News from Lori's Parents
29 July 2001
In this update:
- Representative Ben Gilman speaks up for Lori in Congress
- Lori's new interview on 'Democracy Now' to be aired this week
- Index on Censorship publishes Lori's article
- General Assembly of Christian Church (Disciples of Christ) call for Lori's release
- Alejandro Toledo new Peruvian President
- Valentin Paniagua retires
Representative Ben Gilman speaks up for Lori in Congress
On Tuesday, July 24, Representative Benjamin A. Gilman (R-NY), former Chair of the House International Relations Committee, raised Lori's case during debate on foreign appropriations. He said that he is troubled by Lori's long incarceration and that the Congress should take into consideration Lori's case when discussing and debating Peru.
We are grateful to Congressman Gilman for his continued support.
Lori's new interview on 'Democracy Now' to be aired this week
Journalist Amy Goodman, host of Pacifica Radio's 'Democracy Now', is intending to broadcast Lori's responses to recent questions that she forwarded. The intent is to air the interview in segments on three different days this week we do not know which days. The program is heard on WBAI in New York City weekdays at 9 a.m. and is broadcast to over 35 cities at different times. Check your local listings.
Index on Censorship publishes Lori's article
Lori's article, No Singing, No Laughing, No Sound, was published in the Index on Censorship (Volume 30, Number 3, July 2001), pages 212 through 217. This quarterly journal is published in London and the particular issue was the 200th in its history.
Lori was asked by the editor to write an article about women in Peruvian prisons for this issue. Through her own voice and those of other incarcerated women, she writes of the conditions in which thousands of detainees convicted under Peru's anti-terrorist laws have been held.
General Assembly of Christian Church (Disciples of Christ) call for Lori's release
On July 17, the General Assembly of the Christian Church (Disciples of Christ) in the U.S. and Canada passed a resolution at its meeting in Kansas City calling for Lori's release. Over 3,000 people expressed their support at this meeting and the General Synod of the United Church of Christ was in the same hall and applauded the action.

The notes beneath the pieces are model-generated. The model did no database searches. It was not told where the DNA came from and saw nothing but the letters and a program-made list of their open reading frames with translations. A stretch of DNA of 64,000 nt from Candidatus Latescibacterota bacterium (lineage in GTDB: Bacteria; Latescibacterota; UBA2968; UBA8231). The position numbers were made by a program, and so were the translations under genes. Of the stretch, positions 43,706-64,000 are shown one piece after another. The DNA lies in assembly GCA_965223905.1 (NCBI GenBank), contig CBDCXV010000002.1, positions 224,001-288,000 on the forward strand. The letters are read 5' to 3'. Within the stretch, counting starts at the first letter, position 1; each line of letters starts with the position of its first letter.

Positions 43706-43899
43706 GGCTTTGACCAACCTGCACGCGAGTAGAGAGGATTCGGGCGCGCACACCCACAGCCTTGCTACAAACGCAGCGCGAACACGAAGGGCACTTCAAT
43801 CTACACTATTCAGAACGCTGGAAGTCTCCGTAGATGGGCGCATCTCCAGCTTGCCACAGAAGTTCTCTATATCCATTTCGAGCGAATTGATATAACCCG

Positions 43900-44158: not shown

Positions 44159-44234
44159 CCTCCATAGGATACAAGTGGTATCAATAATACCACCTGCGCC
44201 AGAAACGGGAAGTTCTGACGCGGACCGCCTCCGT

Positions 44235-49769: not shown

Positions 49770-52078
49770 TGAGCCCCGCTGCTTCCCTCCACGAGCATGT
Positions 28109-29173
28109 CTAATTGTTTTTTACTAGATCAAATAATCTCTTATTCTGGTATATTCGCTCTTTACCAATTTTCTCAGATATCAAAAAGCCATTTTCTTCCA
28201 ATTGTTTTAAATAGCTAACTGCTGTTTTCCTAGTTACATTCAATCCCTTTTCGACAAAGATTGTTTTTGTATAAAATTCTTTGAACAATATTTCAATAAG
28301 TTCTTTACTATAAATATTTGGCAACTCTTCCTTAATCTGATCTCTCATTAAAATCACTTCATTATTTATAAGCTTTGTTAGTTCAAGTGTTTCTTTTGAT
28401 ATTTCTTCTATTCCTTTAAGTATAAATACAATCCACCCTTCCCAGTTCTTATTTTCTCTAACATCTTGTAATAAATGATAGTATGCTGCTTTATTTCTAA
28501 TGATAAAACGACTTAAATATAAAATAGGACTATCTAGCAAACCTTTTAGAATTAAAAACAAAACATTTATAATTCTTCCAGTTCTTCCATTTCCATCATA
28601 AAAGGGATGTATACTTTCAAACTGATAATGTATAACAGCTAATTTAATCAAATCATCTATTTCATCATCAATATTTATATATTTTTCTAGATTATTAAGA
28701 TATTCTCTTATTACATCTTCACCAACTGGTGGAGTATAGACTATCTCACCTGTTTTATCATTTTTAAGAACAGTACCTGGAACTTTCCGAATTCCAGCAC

Our thanks go out to Mr. Robert Friedly, representing the Eastgate Christian Church -- Indianapolis, for introducing this resolution and to the Rev. Dr. William J. Nottingham for speaking in favor of its adoption. Rev. Dr. Nottingham has made two trips to Peru to visit with Lori and was with us during the last week of the public trial and on the day of her sentencing.
Alejandro Toledo new Peruvian President
On Saturday July 28, Dr. Alejandro Toledo was sworn in as President of the Republic of Peru for a five-year term. He has promised to combat the poverty that affects half the population and he has promised to combat racism. President Toledo, a cholo (a person of mixed European and Indigenous race who moved from the rural areas to the city), was born in abject poverty with half of his 16 siblings dying at birth or at an early age and went on to earn a doctorate at Stanford, teach at Harvard, and then become President of Peru. His is truly one of the great success stories of this generation. We congratulate him and all Peruvians on their Independence Day. We wish him and all Peru well. You may recall that President Toledo was very gracious to meet with us last month in Lima to discuss Lori's case and sentencing. And we hope that he will recognize the complete injustice suffered by Lori these nearly six years and will offer her a pardon as part of a process to bring healing and reconciliation to his country.
Valentin Paniagua retires
Ex-President Valentin Paniagua left office yesterday a true hero in Peru and well-deserving of the accolades.
An unassuming individual who opposed ex-President Fujimori in Congress, he stepped in as interim president in late November 2000, following the fall of the disgraced Fujimori government, formed a multi-partisan cabinet of respected individuals, and in eight months changed the face of Peru from authoritarian dictatorship to a government respectful of democratic principles. His accomplishments and that of his administration were many - most notably, insuring that absolutely clean and fair elections were held, opening the country to a sense of freedom heretofore not experienced, and combating the widespread net of corruption of his predecessors, ex-President Fujimori and his notorious advisor, Vladimiros Montesinos. In this short time, hundreds of persons have been arrested in the corruption purge - members of Congress, the Peruvian cabinet, the heads of the military, judges, prosecutors, bankers, businessmen, and media owners. Montesinos is now in a Peruvian jail awaiting trial and Fujimori is living with impunity in Japan. Although he purged the judicial system of some of the corruption and established it as an independent body no longer directly controlled by the executive branch, and improved prison conditions, in his brief stay he had no intention of changing the illegal and universally condemned anti-terrorism laws that were established by Fujimori and Montesinos and under which Lori was tried. Mr. Paniagua did not respond to members of the U.S. Senate and House of Representatives, Rev. Jesse Jackson and other religious leaders, editorials from major U.S. publications, or letters from U.S. citizens on Lori's behalf. He promised that Lori would have a 'fair and transparent trial with full due process.' But that was impossible in Peru without changing the laws.